Identifying Difficulties & Problems
Anxiety is characterised by the following symptoms;
churning stomach, increased heart rate, chest sensations, ﬂushing hot and/or cold, worrying thoughts that wont go away, unusual skin sensations, thoughts and feelings that you might die, ongoing nervousness, tension in your muscles and body, headaches.
When people experience anxiety their survival system or sympathetic nervous system has been triggered in response to a perceived danger. An individual will experience a sense of vigilance like 'being on guard' or 'being on edge' that does not go away easily.
The survival system or ﬂight/ﬁght/freeze stress response can be activated in acute episodes such as panic attacks but it can also be activated in a chronic ongoing state. There are different types of anxiety disorders and a psychologist can help you identify what type of anxiety you are experiencing.
Anxiety can feel uncomfortable and people will often engage in behaviours to try to relieve or reduce their feelings of anxiety including behaviours such as drinking. People suffering anxiety will also start to avoid situations where they have previously felt anxious or where they feel unsafe.
Sometimes people are prescribed medications that will calm anxiety however psychological interventions are long lasting and help with understanding the triggers and origins of anxiety.
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Major depression is when your mood becomes low or sad for a signiﬁcant period of time. Major depression can aﬀect your appetite and sleep plus your enjoyment of living. Adverse life events and stress can sometimes impact on mood however often your mood can lift with support from others and problem solving over time.
Sometimes it may seem that there are no triggers to a low mood or depression and your symptoms are severe enough for you to see your GP and consider medication. A clinical psychologist can assist you with techniques to help manage your mood and also discuss with you ways to prevent relapses.
Symptoms of Major Depression include;
low mood, sadness, irritability, sleep and/or appetite changes, feelings of worthlessness and guilt, loss of pleasure in your usual activities, sense that the future is not going to work out for you, fatigue (especially in the morning), ruminating (thinking the same thing over and over) low motivation, suicidal thoughts, feeling like it is hard to push yourself to do things.
Protective factors that help prevent depression or aid in managing depressed mood include; exercise, pets, socialising with friends and whanau, playing music, engaging in art, volunteering, sunshine, enjoyable work.
Post traumatic stress disorder is a diagnosis that describes a set of symptoms that some people have following the experience of a traumatic event. Memories of the traumatic event can intrude on their daily thought process and elicit uncomfortable physical sensations.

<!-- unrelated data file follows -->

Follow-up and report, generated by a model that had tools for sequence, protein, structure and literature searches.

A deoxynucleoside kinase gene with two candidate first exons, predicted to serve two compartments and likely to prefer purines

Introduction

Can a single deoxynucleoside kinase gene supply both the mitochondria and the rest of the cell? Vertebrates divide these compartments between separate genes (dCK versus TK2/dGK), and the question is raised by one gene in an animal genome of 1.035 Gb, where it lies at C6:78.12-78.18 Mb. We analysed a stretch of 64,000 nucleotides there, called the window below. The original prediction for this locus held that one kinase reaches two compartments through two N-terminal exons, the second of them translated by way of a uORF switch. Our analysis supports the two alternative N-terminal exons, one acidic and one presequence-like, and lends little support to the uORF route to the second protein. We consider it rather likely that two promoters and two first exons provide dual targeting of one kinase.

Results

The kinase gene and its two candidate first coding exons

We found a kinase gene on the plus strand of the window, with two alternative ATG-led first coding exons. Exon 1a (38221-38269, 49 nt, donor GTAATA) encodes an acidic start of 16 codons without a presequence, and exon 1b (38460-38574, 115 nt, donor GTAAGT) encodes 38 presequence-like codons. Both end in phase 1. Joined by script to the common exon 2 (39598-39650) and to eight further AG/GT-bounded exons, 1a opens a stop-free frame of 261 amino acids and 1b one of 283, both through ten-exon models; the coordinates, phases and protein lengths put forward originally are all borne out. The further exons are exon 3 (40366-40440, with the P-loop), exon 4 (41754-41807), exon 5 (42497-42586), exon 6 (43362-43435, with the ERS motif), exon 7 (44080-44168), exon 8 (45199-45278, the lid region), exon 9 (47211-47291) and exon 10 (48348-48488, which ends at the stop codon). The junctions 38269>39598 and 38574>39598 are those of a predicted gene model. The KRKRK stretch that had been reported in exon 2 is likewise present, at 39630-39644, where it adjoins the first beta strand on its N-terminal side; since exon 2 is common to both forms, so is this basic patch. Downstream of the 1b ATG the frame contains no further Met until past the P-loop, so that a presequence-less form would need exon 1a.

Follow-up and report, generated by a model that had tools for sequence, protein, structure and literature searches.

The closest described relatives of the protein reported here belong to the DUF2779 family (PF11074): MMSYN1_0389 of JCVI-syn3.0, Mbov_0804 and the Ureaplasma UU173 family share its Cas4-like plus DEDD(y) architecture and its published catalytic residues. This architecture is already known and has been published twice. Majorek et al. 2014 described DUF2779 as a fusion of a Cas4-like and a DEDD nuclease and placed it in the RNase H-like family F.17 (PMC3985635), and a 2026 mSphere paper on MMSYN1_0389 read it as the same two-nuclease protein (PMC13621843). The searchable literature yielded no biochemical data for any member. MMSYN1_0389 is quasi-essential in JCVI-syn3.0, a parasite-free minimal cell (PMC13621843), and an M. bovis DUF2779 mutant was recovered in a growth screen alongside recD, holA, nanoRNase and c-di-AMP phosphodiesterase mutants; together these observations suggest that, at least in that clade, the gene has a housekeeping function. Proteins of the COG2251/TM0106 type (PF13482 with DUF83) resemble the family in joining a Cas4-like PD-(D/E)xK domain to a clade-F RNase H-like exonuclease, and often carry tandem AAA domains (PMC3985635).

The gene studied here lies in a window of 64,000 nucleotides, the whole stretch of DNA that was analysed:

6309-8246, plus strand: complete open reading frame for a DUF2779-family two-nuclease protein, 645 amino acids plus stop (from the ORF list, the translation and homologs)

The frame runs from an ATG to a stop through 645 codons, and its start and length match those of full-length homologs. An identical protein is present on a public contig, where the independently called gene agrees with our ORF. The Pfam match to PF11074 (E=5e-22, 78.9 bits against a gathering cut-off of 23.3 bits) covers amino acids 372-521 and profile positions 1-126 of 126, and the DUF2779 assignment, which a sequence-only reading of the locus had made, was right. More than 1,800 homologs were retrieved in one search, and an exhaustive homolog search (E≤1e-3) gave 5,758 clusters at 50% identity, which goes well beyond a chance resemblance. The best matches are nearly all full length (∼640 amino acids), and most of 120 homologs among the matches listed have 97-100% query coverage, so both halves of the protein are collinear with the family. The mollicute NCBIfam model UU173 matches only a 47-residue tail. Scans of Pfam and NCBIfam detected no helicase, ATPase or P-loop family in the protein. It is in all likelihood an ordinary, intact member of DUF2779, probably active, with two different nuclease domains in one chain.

People who are experiencing ongoing adverse effects of a traumatic event may experience nightmares and have a sense of feeling ‘keyed up’ or on edge. They can start to avoid situations that remind them of the event and/or start to avoid talking about the event.
It is important to talk to your GP or psychologist if you have experienced an event that was traumatic. Sometimes talking about the event can be very difficult so it can help to start talking about the impact of the event and/or your current symptoms so that a practitioner can understand and assess if you need more advanced treatment intervention.
Everyone responds differently to traumatic situations. EMDR, CBT trauma focused therapy and exposure therapy are all effective treatment interventions for treating the impact of trauma. EMDR is different from a talking therapy as it works on the adaptive processing system of trauma memory networks rather than talking about the events. A psychologist will assess which is the best treatment option for you given the clinical information.
It is diﬃcult for people to understand how they may beneﬁt from seeing a psychologist when they have ongoing physical pain either due to injury or medical condition.
Ongoing pain can often impact on a persons ability to function to their full physical capacity and this means that they miss out on the activities and opportunities that would usually bring enjoyment or satisfaction to their lives. This can aﬀect a person's mood. Additionally the daily emotional frustration of coping with pain can sometimes lead to worry about the future and worry about their ability to cope with work.
A psychologist can help with; strategies to cope with pain, feelings of frustration, grief and adjustment to lifestyle changes, difficulties with relationships when someone has pain.